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[Photo of Bill Pho]TFC's new China specialist Bill Pho's job is bringing businessmen together. He talks to China Business about how his job involves more than just breaking the ice.

There is no straight way to go into business, says Pho Keosambath (Bill Pho to colleagues) when asked what business means to a Cambodian like him. That and the potential in everything serve as a green light for go-betweens like him to enter the picture.

A recent addition to Trade Financial Corporation's Philippine corporate team, Pho was assigned to the consulting firm's Manila office to lend his expertise in bringing Chinese investors into the country. Exactly what he did in Cambodia last year.

Pho has trained his gaze on the country because of its population of 90 million, and the existence of other resources just as valuable. The Philippines has rich reserves of gold, copper, manganese, and chromite. He believes that these show as much promise as those in his own country.

Cambodia's mining sector is at an early stage of exploration. The country is currently focusing on its untapped oil and gas fields. But the Philippines, Pho says, is a much bigger market because of its geography and land area.

Pho compares his job to that of a matchmaker—in this case, between Chinese investors and the Philippine mining sector. But it's actually more complicated than that. Pho facilitates negotiations between parties, making sure that they eventually close the deal. In the realm of dating, that is equivalent to hitting it off. In industry, it could mean billions of dollars in investment.

Pho says that like Filipinos, the way the Chinese do business is mostly dependent on guanxi, which means 'relationship.' Unlike Americans and Europeans, who tend to conduct businesses by a set of rules and legal systems, the Chinese rely on personal connections.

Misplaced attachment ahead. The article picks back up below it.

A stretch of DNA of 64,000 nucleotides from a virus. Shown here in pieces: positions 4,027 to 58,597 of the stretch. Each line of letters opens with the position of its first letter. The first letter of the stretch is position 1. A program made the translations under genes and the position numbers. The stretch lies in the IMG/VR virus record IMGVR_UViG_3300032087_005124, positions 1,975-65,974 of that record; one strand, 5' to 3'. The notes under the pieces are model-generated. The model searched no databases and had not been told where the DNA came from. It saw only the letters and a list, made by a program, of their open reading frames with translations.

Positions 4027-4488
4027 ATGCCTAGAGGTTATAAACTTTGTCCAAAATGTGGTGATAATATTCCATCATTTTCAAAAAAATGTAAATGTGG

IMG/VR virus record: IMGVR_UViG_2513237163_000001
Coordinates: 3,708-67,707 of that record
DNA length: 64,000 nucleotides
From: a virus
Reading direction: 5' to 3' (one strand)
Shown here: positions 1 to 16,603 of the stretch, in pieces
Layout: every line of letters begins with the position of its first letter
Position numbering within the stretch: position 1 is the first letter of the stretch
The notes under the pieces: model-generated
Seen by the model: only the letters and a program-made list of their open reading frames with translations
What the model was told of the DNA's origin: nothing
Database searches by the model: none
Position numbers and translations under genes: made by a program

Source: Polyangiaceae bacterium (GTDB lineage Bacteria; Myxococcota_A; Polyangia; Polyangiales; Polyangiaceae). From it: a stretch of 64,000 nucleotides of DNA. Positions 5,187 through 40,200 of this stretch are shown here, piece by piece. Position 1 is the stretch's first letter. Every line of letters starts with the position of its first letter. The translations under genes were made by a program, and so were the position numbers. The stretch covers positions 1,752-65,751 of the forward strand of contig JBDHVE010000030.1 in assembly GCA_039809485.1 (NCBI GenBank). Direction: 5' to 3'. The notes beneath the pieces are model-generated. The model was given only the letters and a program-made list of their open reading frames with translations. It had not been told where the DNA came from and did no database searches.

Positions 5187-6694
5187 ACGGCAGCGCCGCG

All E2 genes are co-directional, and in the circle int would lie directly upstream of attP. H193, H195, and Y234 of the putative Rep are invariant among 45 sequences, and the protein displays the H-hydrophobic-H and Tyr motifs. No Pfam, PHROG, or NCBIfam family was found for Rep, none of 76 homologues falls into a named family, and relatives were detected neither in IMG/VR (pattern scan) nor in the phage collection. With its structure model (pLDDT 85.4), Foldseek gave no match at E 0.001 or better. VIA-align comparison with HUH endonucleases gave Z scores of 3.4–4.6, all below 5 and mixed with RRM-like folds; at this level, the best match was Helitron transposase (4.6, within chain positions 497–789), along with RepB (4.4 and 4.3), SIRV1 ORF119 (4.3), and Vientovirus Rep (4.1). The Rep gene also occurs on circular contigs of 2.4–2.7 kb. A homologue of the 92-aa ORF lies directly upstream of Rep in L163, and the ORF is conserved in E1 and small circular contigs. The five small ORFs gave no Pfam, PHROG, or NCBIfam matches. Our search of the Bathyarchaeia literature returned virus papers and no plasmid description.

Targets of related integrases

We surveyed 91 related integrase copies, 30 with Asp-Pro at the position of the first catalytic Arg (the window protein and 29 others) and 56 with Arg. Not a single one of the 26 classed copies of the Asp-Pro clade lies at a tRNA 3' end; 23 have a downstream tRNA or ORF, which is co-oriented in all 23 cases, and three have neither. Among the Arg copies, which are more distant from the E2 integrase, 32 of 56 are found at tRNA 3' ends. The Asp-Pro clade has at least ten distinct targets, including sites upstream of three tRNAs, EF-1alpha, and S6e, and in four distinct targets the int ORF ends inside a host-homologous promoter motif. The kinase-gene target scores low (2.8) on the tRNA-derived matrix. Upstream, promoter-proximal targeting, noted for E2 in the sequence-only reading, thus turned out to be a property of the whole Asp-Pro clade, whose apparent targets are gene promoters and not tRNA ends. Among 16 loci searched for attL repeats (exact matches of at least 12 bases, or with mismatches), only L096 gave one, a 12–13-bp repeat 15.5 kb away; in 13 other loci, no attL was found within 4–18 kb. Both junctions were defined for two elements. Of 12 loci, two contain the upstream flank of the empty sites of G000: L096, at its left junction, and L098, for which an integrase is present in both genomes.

“Chinese investors would love to have a very good relationship with their overseas companies because this is a culture that values good relationship, and everything can be settled,” says Pho. Relationships, both personal and in business, “are important because problems will arise when you don't have good relationships with your people.”

While getting investors together is a task easier said than done, he does believe that his education serves him well. Pho has two university degrees. One in hotel and tourism management and a degree in business management from the Dali University in Yunnan, China.

He says his university education has taught him the many facets of customer service. “Service is the soft power for all enterprises,” he says, stressing the need to develop keen attention to detail and learning to be flexible.

Flexibility, in fact, is a big player in all types of transactions, especially with the Chinese. “The Chinese are very flexible as many Asian countries are. They might say yes, and mean no; they might say no, but mean yes. When they go out, they want to control the project of the company. But that doesn't mean that they want to take over the whole company itself,” he says.

How to interpret mixed signals then? Pho says the key is establishing trust. “I feel that it’s all about trust, satisfaction, and rapport with who I deal with. It’s like negotiation; I have to know as much as possible about the other side.”

Asked about his personal plans, Pho says he dreams of going back to school for a masters degree in finance. He adds that he wants to go over to the other side of the fence in the next 10 years. His dream, he says, is “to be a great investor in Asia, in mining, technology, or real estate.”

Print ed: 06/10

 

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